The Columbus journal. (Columbus, Neb.) 1874-1911, November 05, 1884, Image 1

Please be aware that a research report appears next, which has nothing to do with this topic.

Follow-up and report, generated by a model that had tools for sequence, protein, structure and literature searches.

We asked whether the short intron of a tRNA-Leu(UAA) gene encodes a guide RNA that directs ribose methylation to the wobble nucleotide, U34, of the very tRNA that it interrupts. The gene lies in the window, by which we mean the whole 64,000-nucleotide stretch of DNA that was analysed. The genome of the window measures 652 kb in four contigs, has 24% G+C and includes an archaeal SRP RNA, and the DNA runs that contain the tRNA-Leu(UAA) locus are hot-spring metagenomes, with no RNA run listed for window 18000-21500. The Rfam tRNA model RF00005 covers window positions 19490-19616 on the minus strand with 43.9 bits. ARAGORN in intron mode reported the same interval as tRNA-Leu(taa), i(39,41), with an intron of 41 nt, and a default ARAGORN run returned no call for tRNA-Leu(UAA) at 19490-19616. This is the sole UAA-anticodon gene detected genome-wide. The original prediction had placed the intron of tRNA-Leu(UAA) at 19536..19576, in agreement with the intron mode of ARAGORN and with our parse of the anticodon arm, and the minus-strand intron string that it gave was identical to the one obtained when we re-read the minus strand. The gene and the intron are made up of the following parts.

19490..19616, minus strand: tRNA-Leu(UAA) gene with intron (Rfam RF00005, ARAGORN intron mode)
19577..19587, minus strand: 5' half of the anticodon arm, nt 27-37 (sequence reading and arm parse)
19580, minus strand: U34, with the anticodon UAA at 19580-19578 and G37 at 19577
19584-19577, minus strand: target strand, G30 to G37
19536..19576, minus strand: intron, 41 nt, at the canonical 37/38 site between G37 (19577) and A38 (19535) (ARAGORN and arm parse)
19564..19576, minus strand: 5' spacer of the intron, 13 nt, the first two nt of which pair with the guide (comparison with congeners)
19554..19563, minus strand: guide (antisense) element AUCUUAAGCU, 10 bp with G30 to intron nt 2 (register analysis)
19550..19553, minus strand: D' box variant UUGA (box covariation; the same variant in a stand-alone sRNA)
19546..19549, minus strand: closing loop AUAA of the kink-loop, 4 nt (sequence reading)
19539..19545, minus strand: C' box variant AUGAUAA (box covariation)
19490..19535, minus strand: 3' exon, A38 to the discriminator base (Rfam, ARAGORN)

as jm--r JM? ik v- I $ ! r r" I THE JOURNAL. ISSUED KVKRV WEDNESDAY, M. K. TTJRuSTER & CO. Proprietors and Publishers. Z3TOFFICE,-Eleventh St., up stairs n Journal Building. tkrms: Peryear Six months Three months ... Single copies BUBLWES8 CABDS. D.T.Martyx, M.D. F.J.Schcg, M.D. Drs.MAETYH&SCHirO, 0. S. Examining Surgeons, Consultations in German and English. Telephones at office and residences. COLUMBUS, - NEBRASKA. 42-y J. f WILSON, HI. .i PHYSI CI AN &SUR GEON. niseates of women and children a spe cially CountP physician. Office former- occupied SyUr.Bonesteel. Telephone exchange. o E,1,A. ASHBAUOH, ... DENIAL PARLOR, On corner of Eleventh and North streets, over Ernst's hardware store. pOKKELIVM Sc SULLIVAN, ATTORNEYS-AT-LAW, Up-stairs in Gluck Building, 11th street, Above the Sew bank. TT J. HJlSOI NOTARY PUBLIC, 12th Street. 2 doors west or Hammond IIobm, Columbus, Neb. 491-y J . REEDER, ATTORNEY AT LAW, Office on Olive St., Columbus, Nebraska 2-tf V. A. MACEEN, DKALER IX Foreign and Domestic Liquors and Cigars. llth street, Columbus, Neb. 50-v ArcALLIHTER BROS., A TTORNE YS AT LAW, Office up-stairs in McAllister's build iim. llth St. W. A. McAllister, Notary TuMic. -rOll.A TUIOTI11', NOTARY PUBLIC AND CONVEYANCER. Keens a full line of stationery and school supplies, and all kinds of legal forms. Insures against lire, lightning, cyclone nml tornadoes. Office in Powell's Block, Platte Centci. 19-x J. M. MACKAKLAND, Atursoj asiHettry Fatre; B. R. COWDERY, CoUtztor. LAW AND COLLECTION OFFICE OF MACFARLAND& COWDBRY, Columbus. : : : Nebraska. 1 I KlIttNKK, HI. (Successor to lr. CO. A.llullhorst) HOMEOPATHIC PHYSICIAN AND SURGEON. Ke-Milar graduate of two medical col leges. Office Olive St., one-half block north of Hammond House. --ly J. J. ItlAUOHAZV, Justice, County Surveyor, Notary, Land and Collection Agent. grPartics desiring surveying done can notifv me bv mail at Platte Centre, Neb. ftl-Um np 11. KUSCHE llth St., opposite Lindell Hotel. Sells Harness, Saddles, Collars, Whips, Blankets, Curry Combs, Brushes.truuks, valises, buggy tops, cubhions, carriage trimmings, .v.c, at the lowest possible prices. Repairs promptly attended to. T) 11. l-AWREXii; ' DEPUTY CO. SURVEYOR. Will do general surveying in Platte and adjoining counties. Offico with S. C. Smith. COLUMBUS, .-- NEBRASKA. 17-tf $66 a week at home. S5.00 outfit! free. Pay abioluteiy sure. io risk. Capital not requireu. Reader, if you want business at which persons of either sex, young or old, can make great pay ail the time they work, with absolute certainty, write for wor., im "; i";yii 6V particulars land, Maine. particulars to u. hallei- v,u., vi- GEORGE 8P00NEE, CONTRA CTOR FOR ALL KINDS OF MASON WORK. Office, Thirteenth St., between Olive and Nebraska Avenue. Residence on the corner of Eighth and Olive. All Work Guaranteed. 48-tf JS. MURDOUK & SON, Carpenters and Contractors. Havcbad an extended experience, and will guarantee satisfaction in work. All kinds of repairing done on short notice. Our motto is, Good work and fair prices. Call and give us an oppor tunitytoestimatcforyou. 5TShop on 13th St., one door west of Fnedhor & Go's, store. Columbus. Nebr. 483-v MANUFACTURER OF Tin and Sheet-Iron Ware ! Job-Work, Boofin$ and Gutter ing a Specialty. -Shop on Olive Street, 2 doors north of Brodfeuhrer's Jewelry St0" G W. CLARK, LAND AND INSURANCE AGENT, HUmPMKEX, jsabh. His lands comprise some fine tracts in the Shell Creek Valley, and the north ern portion of Platte county. Taxes paid for non-residents. Satisfactioa guaranteed. SOt pOLtMBUS PACKING CO., COL UMB US, - NEB., Packers and Dealers In all kinds or Hog product, cash paid for Live or Dead Jlogs or grease. Directors.-. H. Henry, Prest.; John Wiggins, Sec. and Trcas.; L. Gerrard, S. Cory. TAMES SAEJlOIf , CONTRACTOR AND BUILDER. Plans and estimates supplied for either frame or brick buildings. Good work guaranteed. Shop on 13th Street, near St. Paul Lumber Yard, Columbus, Ne braska. 52Cmo. -UTOTICE TO TEACHEI8. J. E. Moncrief, Co. Bapt., "Will be in bis oMce at the Court House ob the third Saturday of eack nosth for the purpose of examining applicants for teacher's certificates, sad fertile transaction of say other buslnesi aertsiaiag to school. 667-y I ff .... .. mm VOL. XV.-NO. 28. GO TO A. & M. TURNER'S BOOK AND MUSIC STORE FOR THE BEST 2. GOODS AT The Lowest Prices! CONSULT THE FOLLOWING ALPHA BETICAL LIST. ALBUMS, Arithmetics, Arnold's Ink rgenuine). Algebras, Autograph Al bums, Alphabet Blocks,Author's Cards, Arks, Accordeons, Abstract Legal Cap. BRUSHES, Baskcts.Baby Toys.Books, Bibles, Bells for boys, Blank Books, Birthday Cards, Basket Buggies, boy's Tool-chests, Balls, Banker's Cases, boy's Wagons, Sleds and Wheelbar rows, Butcher Books, Brass-edged Ru lers, Bill-books, Book Straps, Base Balls and Bats. CANDIES Cards, Calling Cards, Card Cases. Comus. uomu uases, wigai v. ses, Checker Boards, Children's Chairs, Cups and Saucers (fancy) Circulating Librarv, Collar and Cuff Boxes, Copy BooksJChristmas Cards, Chinese Toys, Crayons, Checkers. Chess-men, Croquet sets. DOMESTIC Sewing Machines, Draw ing Paper, Dressing Cases, Drums, Diaries, Drafts in books, Dolls, Dressed Dolls, Dominoes, Drawing books. ENVELOPES, Elementary school books, Erasers (blackboard), Erasers (rubber). FICTION Books, Floral Albums, Fur niture polish. GRAMMARS, Geographies, Geome tries.Glove boxes, toy Guus,Gyroscopes (to illustrate the laws of motion). HARPER'S Readers, handsome Holi day gifts, Hand-glasses, Hobby-horses, Hand-satchels, Histories. INKS, (all good kinds and colors), Ink stands (common and fancy). JEWEL. Cases, Jews harps. KEGS of ink, Kitchen sets. LEDGERS, Ledger paper, Legal cap, Lunch baskets, Lookingglasscs. MASON & Hamlin Organs, Magnets, Music boxes, Magazines, Mustache cups. Mouth organs, Memorandums, Music books, MuBic holders, Machine oil, Mats, Moderator's records, Muci lage, Microscopes. NEEDL.ES for sewing machines. Note paper. ORGANS, Oil for sewing machines, Orgau stools, Organ seats. PERIODICALS, Pictures, Puzzle blocks, ITesents, x'iciurc dooks, x-ianos, Pens, Papetries, Pencils, Purses, Pol ish for furniture, Pamphlet cases, Paper cutters, Paper fasteners. Picture puz zles. Picture frames, Pocket books, Perlumery and Perfumery cases, Paper racks, Pencil holders. REWARD cards, Rubber balls, Rub ber dolls. SCHOOL books, Sewing stands, School Satchels. Slates, Stereoscopes and pic tures, Scrap books, Scrap pictures, Sewing machine needles. Scholar's com panions, Specie purses, Singing toy canaries, Sleds for boys, Shawl straps, Shell goods. TELESCOPES, Toys of all kinds, children's Trunks, Thermometers, Tooth brushes (folding), Tea sets ror girls, Tool chests for boys, Ten-pin sets for boys, Tooth picks, Tin toys. VIOLINS and strings, Vases. WOODBRIDGE Organs, Work bas kets, Waste baskets, WThips (with case), Webster's dictionaries, Weather glasses, Work boxes, Whips for boys, Wagons for boys, What-nots, Wooden tooth picks. TIM Boor M if "Cloftor to," THE COLUMBUS. JOURNAL -AND THE ClCAGOWEEKLYTBIBul From now until after the Presidential Election, post-paid, to any address in the United States, for 75 CENTS. To present subscribers of the Jour nal, we will send the Campaign Tribune, when requested, upon the payment of one year in ad vance for the Journal. Address, M. K. TURNER & CO., Columbus, Neb. Health is Wealth! tr r TTT-..a flmra im 'RBAT1 TUX!?- ax;gMttnteed epedfio f or HyatenaJDizz. mbsT Convulsions, fits. Nervous. Neuralgia, SSacheTNenoSPJortrationcKisedbytheuBa 5hof ortobacco. Wakefulness. Mental Do SiatcSrSofteningor th Brain resulting m m Snity imd leading to misery, decay and death. Prematura Old Age, Barrenness. Loss t in either Bex. InToluntary Loasea .fBPg orrhoBa caused by orer-flxertion of the brain, eeii- one month's treatment. flJ00abox,or8ixboxai for JWX), sent by mail prepaidou receipt of price. m Gil AKAXTEE SIX BOXES To cure any case. WitoeehorferrcrfTedbyna t k "i -mis.r" .rrr" Sekithe ar if the treatmentdoesootemxt JOHN O. WEST & CO, M2 W. MADISON ST., CHICAGO, ILLS., Sole Prop's West's Liver Fills. W. A. THOMAS, AGENT FOR PEALE'S EDUCATOR, COLUMBUS, NEB. iSTOffice at Lindell Hotel. Call and examine and be convinced it is the best book published. Agents wanted to can vass in Nebraska. 14-3m S3500 REWARD! WmUr)niyn?ra,t 7'Vi f ii TS V " "" -- m Will SSMIJ 1HI TV- TWy fly i ' oo,m ttm w. mihw , ck tHJ iff sMP eyWCs" W iWPBMC S CWsW I IIkVkI hajj l HflBJKBBxRiATjiinrcHB (Jultimlius COLUMBUS STATE BANK! COLUMBUS, HEB. CASE CAPITAL, - $75,000 DIRECTORS: Luander Gbbkabd, Pres'l. Geo. W. IIulst, Vice PresH. Julius A. Reed. R. H. Henry. J. E. Taskeii, Cashier. Bask of Deposit, Discern ad Excaaaft-e. Collectloas Proi all PolatM. atly HSade oi Pay latereut ei ItH. Tli Depos- 274 D. J. DRKBERT, Cuhlor. IRA B. BRIGGLK, AisSitut CuUtr. THE- CITIZENS' BANK ! HUMPHREY, NEB. Prompt attention given to Col lections. ISTPay Interest on time deposits. jgrinsurance, Passage Tickets and Real Estate LoanB. -" LINDSAY &TREKELL, WHOLESALE AND RETAIL FLOOR AND FEED STORE! OIX. CAKE, CHOPPED FEED, Bran, Shorts, BOLTED i UIBQLTED MI HEAL. GRAHAM FLOUR, AND FOUR KINDS OF THE BEST WHEAT FLOUR ALWAYS ON HAND. B2TA11 kinds of FRUITS in their sea son. Orders promptly filled. lltli Street, Columlus, Nobr. 47-0 in HENRY G-ASS, UNDERTAKER ! COFFINS AND METALLIC CASES AND DEALER IN Furniture, Chairs, Bedsteads. Bu reaus, Tables, Safes. Lounges, &c. Picture Frames and Mouldings. tSTRepairlng of all kinds of Upholstery Goods. C-tf COLUMBUS. NEB. X T for tne workiDg class A 11.11 Send 10 cents for postage, IT! p I J I J and we will mail you free a royal, valuable box of sample goods that will put you in the way of making raoi e money in a few days than you ever thought possible at any busi ness. Capital not required. We will start you. You can work all the time or in spare time only. The work is univer sally adapted to both sexes, young and old. You can casil v earn from 50 cents to everv evening. That all who want work may test the business, we make this unparalleled oirer; to all who arc not well satisfied we will send $1 to pay for the trouble of writing u. Full particu lars, directions, etc., sent free. Fortunes will be made by those who give their whole time to the work. Great success absolutely sure. Don't delay. Start now. Address Stinsojj & Co., Portland, Maine. NO HUMBUG! Rut a Grand Success. Tk P. WRIOHAM'S AUTOMATIC WA- 1X ter Trough for stock, ne refers to everv man who has it in use. Call on or leave orders at George Yale's, opposite Oehlrich's grocery. !MSm J. WAGNER, Livery and Feed Stable. Is prepared to furnish the public w!th good teams, buggies and carriages for all occasions, especially for funerals. Also couducts a sale stable. 44 rrtfjtAKSIT HOUSE, PLATTE CENTER NEB., J0H5BUGGA5, . - - - Froprietor. The best accommodation for the travel ing public guaranteed. Food good, and plenty of it. Beds clean and comfortable, charges low, as the lowest. 13-y .LYON&HEALY Stale Mesree sts-CMcass. ' vnuuiiiiiiiiiujiiwMi wS On MaM StaSW a4 tMMTT wmma uaiaa tmm AsnSs SBSBSV Bh BBBl jiiiiw sw4 : f r sjir COLUMBUS, NEB., WEDNESDAY. NOVEMBER 5, FIRST National Bank! COX.TTBCBT7B. NEB. Authorized Capital, - - $250,000 Paid In Capital, - 50,000 Surplus and Profits, - - 6,000 OFFICERS AND DIRECTORS. A. ANDERSON, Pres't. . SAM'L C. SMITH, Vice Pres't. O. T. ROEN, Cashier. .1. W. EARLY, HERMAN OEHLRICH. W. A. MCALLISTER, G. ANDERSON, P. ANDERSON. Foreign and inland Exchange, Passage Tickets, ana Real Estate Loans. 29-vol-13-ly COAL LIME! J. E. NORTH & CO., DEALERS IN Coal, Lime, Hair, Cement. Rock Sping Coal, $7.00 per ton Carbon (Wyoming) Coal 6.00 " Eldon (Iowa) Coal 3.50 " Blacksmith Coal of best quality al ways on hand at low est prices. North Side Eleventh St., COLUMBUS, NEB. 14-3m UNION PACIFIC LANDFFICE. Improved and Unimproved Farms, Hay and Grazing Lands and City Property for Sale Cheap AT THE Union Pacific Land Office, On Long Time and low rate ' of Interest. ISTFinal proof made on Timber Claims, Homesteads and Pre-emptions. ETA1I wishing to buy lands of any dc ..riniinn will nle-ip i':ill and examine my list of lauds before looking elsewhere tSTAll having lands to sell will please call and give mc a description, term-, prices etc. U3TI also am prepared to insure prop erty, as I have the agency of several first-class Fire insurauce companies. F. W. OTT, Solicitor, speaki German. MAMIIRI. n. SMITH. 30-tf Columbus, Nebraska. BECKER & WELCH, PROPRIETORS OF SHELL CREEK MILLS. MANUFACTURERS AND WHOLE SALE DEALERS IN FLOUR AND MEAL. OFFICE, COL UMIi US, NEB. SPEICE & NORTH. General Agents for the Sale of REAL ESTATE. Union Pacific, and Midland Pacific R. R. Lands for sale at from $3.00 to $10.00 per acre for cash, or on five or ten years time, in annual payments to suit pur chasers. We have also a large and choice lot of other lands, improved and unimproved, for sale at low price and on reasonable terms. Also business and residence lots in the city. We keep a complete abstractor title to all real es tate in Platte County. 621 COLUMBUS, NEB. LOUIS SCHKEIBEK, 11 All kinds of Repairing done on Short Notice. Buggies, Wag ons, etc., made to order, and all work Guar anteed. Also sell the world-famous Walter A Wood Mowers, Beapers, Combin ed Machines, Harvesters, and Self-binders the best made. liarShop opposite the " Tattersall," on Olive St., COLUMBUS. 26-m BlacKsfflittiaiiuWaeonMaker REST. He does well who does his best. Is he weary ? Let him rest. Brothers! I have done my best. I am weary let me rest, Aftea toiling oft in vain, Baffled, yet to struggle fain After toiling long to gain Little good with mickle pain Let me rest. But lay me low Where the hedgeside roses blow; Where the little daisies grow; Where the winds a-Maying go; Where the footpath rustics plod; Where the breeze-bowed poplars nod; Where the old woods worship God; Where His pencil paints the sod; Where the wedded throstle sings; Where the young bird tries his wings; Where the wailing plover swings; Near the runlet's rushing springs; Where, at times, the tempests roar, Shaking distant sea and shore, Still will wave old Barnesdale o'er, To be heard by me no morel There, beneath the breezy West, Tired and thankful, let me rest, Like a child that sleepeth best On its mother's gentle breast. Christian Intelligencer. THE DOCTOR'S EVIDENCE. For the first time in its history, the inhabitants of the -quiet little Tillage of Elmdale had been shocked by the discovery of a great crime in their midst. Seth Driscoll, a well-known citizen, was fonnd, at early dawn, lying dead in his own garden. A ghastly bullet wonnd in the back of his head left no room to question the cause of his death; and any suspicion of suicide was rebutted, as well by the position of the wounded, as by the discovery of footprints leading back and forth from near the body to the garden wall, at a point where tho latter bore evident marks of having been scaled. But tho crowning discovery was that of a pistol, recently discharged, lying near the base of the wall where the .murderer had clambered over. H wa9 picked up by Jonas Wenlock, Dr. Driscoll'a nephew, who gave a start of surprise at the sight. "I know who own6 this weapon!" he ex claimed. "Who? who!" questioned a dozen eager voices. "Volnoy Kendall," he answered. Had a thunder-clap fallen upon tho liBtpnora the effect could not have been more startling. The young man whose name had just been uttered was the last person to be suspected of an atrocious crime. At the first in stance tho very thought was repelled with abhorrence; but of the second came a strange revolution. It was remarked that Volnoy Kendall had heen an earnest suitor for the hand of Kate Dunsetb, Mr. Driscoll's ward, and had received from tho haughty guardian a supercilious rebuff, which hn had hitterlv resented. There was a motive for tho deed, which, coupled with the circumstances of the pistol, awakened conviction in the very minds whence, a moment before, the slightest shade of suspicion had been indignantly scooted. Within an hour young Kendall, pale and agitated, was dragged a prisoner to the scene of the tragedy, where fresh evidence was speedily added to that already accumulated, llis 6hoes were found to exactly fit the trackB in the garden, even to tho print of the nails. He acknowledged to the ownership of the pistol, but declined all explana tion of its presence at the place where it bad been found, or of his where abouts on the previous evening. None longer doubted the prisoner's guilt, and he was placed in close con finement to await the Coroner's in quest. Next day I was retained for the accused ; but from an interview with him, permitted by the jailer, I came away without the shadow oi nope; for, althongh bo asserted his inno cence, he persisted in maintaining eileuce on points the clearing up of which were vital to his defense. The inquest was held at the house of the deceased. The facts already stated were laid beforo the jury ; but when the prisoner was questioned, eave acknowledging the ownership of the pistol, and denying all knowledge of the murder, he declined lo auswer. Once he looked appealiugly to Kate Dunseth, who was present, summoned sin a witness with the rest of the household. She met his look with a fearful, bewildered gaze, and he turn ed away and bowed his head in silence. I drew from Jonas Wenlock, whom I was permitted to cross-examine, that he had a heavy insurance on his uncle's life, and from another witness, who had undertaken the duty of in vestigating tho condition ot air. Driscoll's affairs, that they were in a very embarrassed state. But the Corouer cut me short : "It is hardly proper, Mr. Wilson, in the face of the evidence, to insinuate either that Mr. Driscoll committed suicide or that his nephew murdered him." All the witnesses had been exam ined but the gray-headed doctor who had made tho autopsy, and who now took tho stand. He was one of your grave, taciturn men, who kept their own counsel till the fitting time comes to speak. "Tell us, docior," continued the Coroner, after a few preliminary questions, "what, if any, wounds yon discovered on the person of the de ceased ?" With minute precision- tho witness described the bullet-wound in the head, giving the diameter and depth to a fraction. "In your opinion, was that wound the cause of death ?" 'It was not," was the answer, in 0ttPl 1884. tone whose calmness and composure were not in the least ruffled by the murmur of astonishment which greet ed the words. "Pray explain," requested the coro ner, with ill-concealed surprise "There were no signs," replied the Doctor, preserving the same quiet manner, "of either external or inter nal hemorrhage, which would have necessarily followed tho severance of the blood-vessels by the passage of the bullet, had the man then been alive. When tho shot was tired he was already dead." "To what, then, do you attribute Mr. Driscoll's death?" "To poison. A careful examination of the organs revealed the presence of a fatal quantity of prussic acid, which must have entered the stomach during life, as was clearly shown by its in flamed condition." As suddenly as the belief in Volney Kendall's guilt had sprung into being a new suspicion flashed on the minds of all. It was true, then, that Seth Driscoll, with ruin staring him in the face, and his ward's raonoy to account for, had taken his own life. And tho shot that must havo been fired by Jonas Wenlock, on discovering his uncle's dead body, and the evidence of sui cide afforded, most likely, by tho phial which had contained (be deadly draught. He bad thus hoped to secure the insurance money, which would have been forfeited by death self-inflicted. True, there was up direct evidence of all this, but none the less did every one believe it. "Everything seems cleared up hut the tracks and the pistol," said tho coroner, when tho doctor had con cluded. "And this it is my place to explain, Mr. Kendall having declined to do so out of delicacy to myself," interrupt ed Kate Dunseth, hastening forward from where she and Volney had heen holding an earnest colloquy for the past five minutes. My guardian had forbidden Mr. Kendall the bouse ; aud the latter sent me a message requesting a secret in terview in the garden. The message miscarried perhaps intercepted and Volney Mr. Kendall I mean not finding mo at the placo appointed, in returning over tho wall, accidentally let fall the pistol which he carried for protection in case he encountered a certain person who was his deadly foe, and who always wont armed." Here she cast a withering glance at Jonas Wenlock, who was careful -not to meet it. Tho verdict of the jury was that the deceased had come to his death from poison administered by his own hand and Volney Kendall went forth a free man. Kate Dunseth's fortune was irretrievably lost, but it was not for that that Volney had sought her love ; and he was a prouder man, the day he led her to Ihe altar, at the thought that 6he could have no doubt that it was herself and not her wealth that he had wooed. Jonas Wenlock never sued for the insurance money. Now that Wyoming has quaran tined against catile from Nebraska and other eastern states, we cau see no good reason why wo should not do a9 we should have done long since, and that is, quarantine against the bringing of western cattle through Nebraska, where hundreds of herds of full blood and high grade cattle are to be exposed. If Wyoming is in danger, Nebraska is certainly in much greater danger, and we call upon the president of the cattle breeders' association of the state to call a meeting at once, that steps may be takeu to protect our valuable herds from being exposed to the Tcxans that are driven into Wyo ming, there gmzed a few months and then driven or shipped into Ne braska to be (ed on our corn, and where our herds must come hi con tact with them. It would scc-ni from the active measures adopted by Wyoming that the country is in great danger, and most certainly, ir they are justified in declaring quarantine, we are doubly 60, aud in not having done eo, have shown ourselves derelict in one ot our most important duties. Not a moment's time should be lost in de claring quarantine against all western cattle.iV"e&rsA- Farmer. We like to hear a man refuse lo lake his home paper and all the time sponge on his neighbors for Ihe reading of it. We liko to hear a man complain when asked to subscribe lor his home paper that he takes more than he reads now, and then go aud borrow his neighbors or ion I around until he gathers all the news from it. We like to see a inau run down his home paper as not worth taking, and theu beg the editor for a favor in the editorial line. We like to see a merchant or a mechanic refuse to advertise in his home paper and then try lo got a share of the trade which tho newspaper brings to town. Wo liko this: it looks economical, thrifty, progressive and cheeky to 6ay the least of it. Ex. "Dear George," 6aid the young wife, teuderly, as she stroked her husband's Irving bang, "ahal! I sing "Some Day?" "Ye., dear," replied the heartless wretch ; "some day when a " I'm away from home. WHOLE NO. 756. "Grandmother." "Is she dead yet?" I should grieve to hear that she was. I am referring to tho good natured, ever-ready, old - fashioned grandmother of days gone by. She was my grandmother and yours, and, indeed, everybody else's, when one was needed. I remember her as gray-haired, wrinkle-faced, and hands crippled with tho hard work of pio neor days. I remember her sympa thetic voice and soft touch her steel bowed spectacles her quaint old suutT-box her bustliug look and anx ious tones as she came in the back way and called out : "And so that boy's had to give up aud go to bed, eh? Dear me! but it's too bad, though I guess it's noth ing serious, aud I hope you won't worry. Let's sco him. Ah um! Stomach out of order and he's got some fever. Had my children taken this way dozens of times and in two days they were out playing." It was worth a month's sicknoss to see her bustle around after horse radish leaves to make drafts for the feet, cloths to wet in cold water for tho head, mustard for the back of the neck, a bit of rhubarb to sweeten the stomach, and to hear her say : "Well, now, who'd thought it ; but don't worry ! Mercy on me ! but my Dan'l has been sicker'n that fifty different times aud isn't dead yet. Just you go right down and finish your baking and leave me to take care of him. I just doto on sick folks!" And didn't things turn out just as she predicted? And threo days after didn't she come down into tho back lot where I was eating sour crab- apples and fling up her hands and exclaim : "For tho land's sake! hut does this boy mean to kill himself afore tho summer is ont I" If mother had a pain in her side she ran over to see grandma. If father went lame it was grandmother who had a remedy. Not in our fam ily alone, but in a dozen. Not in one case, but in a hundred. Who had catnip, and smart-weed, and may-weed, and oak bark, and spice bush, and mustard? Grand mother, of course. Who knew what was good for earache, toothacho, jaundice, languor, loss of appetite, rhpimiatifini. biliousness, and a huu- . m-. v- ... j , dred other ills? Grandmother. And if her remedies failed to ar rest disease and the doctor was sent for how kindly courteous he was! Everything she had done was profes sionally justified, and he seemed almost sorry that she hadn't worked a euro and deprived him of his fee. Ho would take the case and warrant a cure, but, of course, must depend nnnn hnr to a Erreat extent. Such a complimeut was worth more than a new house to her. And if death came grandmother was there to weep with the family and to console all others. It was her poor old fingers which closed the eyes which helped to make the 6hroud which arranged the lifeless hands. It was her voice which kept whispering: "There! there! poor thing don't take it so much to heart! He is far better off than we are, and you must live on for those left be hind." She was with the mourners at the grave back to the house to cheer the heartbroken and leave them at night with a feeling that it was for the best. And it was a holiday when grand mother came over with her knitting or sewing for au afternoon visit. She had the big rocking-chair and the coziest corner, and no Qneen was more respected. She remembered the war with Mexico, and tho fall of stars, and two or three earthquakes. She recollected what everybody had dreamed, and how it came out, and who married who, and how they prospered. She had seen two or three Presidents ; been to New York and Niagara Falls. She was a med ical college, an encyclopedia, and a book of adventuie" combined, and her going away at night left a vacan cy that she alone could fill. Is f-hc still living? Il eo, may the world reverence her. Is she dead? If so, may Ihe sunshine of Heaven have made her the happiest angel of them all I Free Press. ReMpcctiaj? Their Weiperlor OSM cerw. One of the hardest lessons for the American soldier was the necessity for military discipline and etiquette. It seemed odd to the youth who car ried a musket that he must not be on familiar terms with an old schoolmate becuusethe latter wore gold lace on bin shoulder or collar. Laughable incidents of the lack of respect shown to officers in those early days might be related. Ween Gen. Magruder was march ins down the Pcninhula at tho head of a confederate column he halted at a farm-house and ordered dinner. Entering the room where it had heen served, he was amazed and indignant at finding one of his soldiers sealed at the well-spread table, devouring the viands intended for himself. "Sir!" thundered the general, as he drew his handsome figure up to its full height; "sir, do you know whoso dinner you are eating?" "No, I don't," replied the intruder rarelessly, as he refilled his plato. 1 "And what's more, 1 don't care, so KATES OF AirVKKTISiniG. J5TBusines3 and professional cards of five lines or less, per annum, five dollars. 10 For time advertisements, apply at this office. S3TLegal advertisements at statute rates. 3TFor transient advertising sea rates on third page. J5TA11 advertisements payable monthly. long as tho victuals are clean." General Magruder saw the point and retreated in good order, leaving the soldier to enjoy himself to his full content. A federal colonel, noticing that tho sentinel in front of his tent omitted the usual salute due his rank, called him to account. "See here, colonel," replied the sol dier, "what good does it do to havo mo present arms every durned time you tako a notion to cross my beat? Ain't you kinder putting on airs?" It was always necessary to speak sharply to some laggard in the ranks while at drill, and, ou one occasion, au o nicer had to pay special attention to one of his company with whom ho had been ou terms of social intimacy when there was no thought of war in the land. Finally, exasperated by what ho deemed to be a deliberate attempt to mortify him, tho soldier shouted out: "Tom Wyncott, just you wait until wo break ranks, and I'll give you ono of the greatest lickings you ever got in your life." A few months lator Capt. Tom would havo sent his friend to the guard house. As it (vas, ho laughed with the rest of tho company, and ex plained that ho had intended to cxer ciso no special tyranny. The offender against military etiquette saw his error, and, being ashamed of himself, paid stricter attention to duty, and rose to high rank beforo tho close of tho war. A Confederate private in the Lou isiana Guards was sharply reprimand ed by his superior officer, whoso social rank ho deemed beneath his own. "It's all very well for you, George Weatherly, to talk to me that way now," he exclaimed wrathfully ; "you wouldu't daro to do it if we wero in New Orleans without that laco in your cufi." The officer was brave enough, but, forgetting his position, he pulled oil" his coat, saying: "There, Frauk Pejton, I don't wear lace on my shirt sleeves. Come on !" Tho two men were just beginning to pparat each other when their cooler comrades separated them aud pointed out tho folly of their proceeding. The big corn story liar is abroad in the land. One ot our South Platte country exchanges gels oil" tho fol lowing: "The little son of Mr. B , living west of town, got a ladder Ihe other day and stood it up against a cornstalk, lie then took a saw and climbing up about 20 feet to the first car, he proceeded to straddle the ear aud saw it off, but unfortunately he sawed between him self and the stalk, and was thrown to the ground, breaking his arm." That's the story. Now then, somebody hold our coat ! We didn't intend mentioning a fact that has como to our knowledge, but when a South Platte prevaricator attempts to down this section on the corn question, wo will read him fuels. List Saturday, while in conversation with Mr. Ed. Jenkins, of Kalamazoo, tho reporter learned that an illicit distillery was in operation in one of the ravines near his residence, and the govern ment was therefore being defrauded out of a large amount of revenue. It appears that a man arrived in that neighborhood sometime since, and one night, with the aid of a gang of laborers, dynamite, crowbars, etc., he succeeded in prying off a kernel of corn from a big prize car in Ed's, field. It was then loaded on to a stone-boat and hauled into the ravine. The man then bored into the kernel of corn with a two-inch augur, put in a faucet, and now has an tui!imild supply of pure corn juice ou tap. The revenue officers nhnuld look into this matter. When a Hrst-e!iis lie is to be written up commend in lo the average South Platte editor, but when you want to read the broad guagu truth, our little George Washington pencil can dish it m in quarter sec tions. Madison Chronicle. lie won too Hear tUe Sra.vc To l,ii. A feeble old darkey struggled painfully in. "Boss," he said, "Iso an ole, olo man. I was bo'n in ole Vahginuy an' libbed dar mot' on to ninety eight year, an' I want yo' ter assis me er little diq mawnin' boss, ef yo' pleas', sah ?" "You knew George Washington, of course?" "No sah, I nebber seed him." "What! You lived in Virginia ninety-eight years and never saw George Washington ?" "Dat am er fac', boss. Ise an hones' ole man, an' am too' far gone in dis worl' fer to tell er lie. I neb ber seed young George, but Lor', sah, bis po' ole gran'laddcr an' gran muI dcr yuse ter think er pow'ful sight ob me, boss." New York Sun. "Charley," said mamma, "you have been a very naughty boy ; you have been playing marbles, and you know I told you that you mustn't, for it is gambling, and gambling is very wicked. Now, I hope you will never gamble again.1' Charley promised ho wouldn't, and his mamma was so de lighted that she took him to the par ish fair, and gave him the money to take chances in almost anything thero. "3 t i :.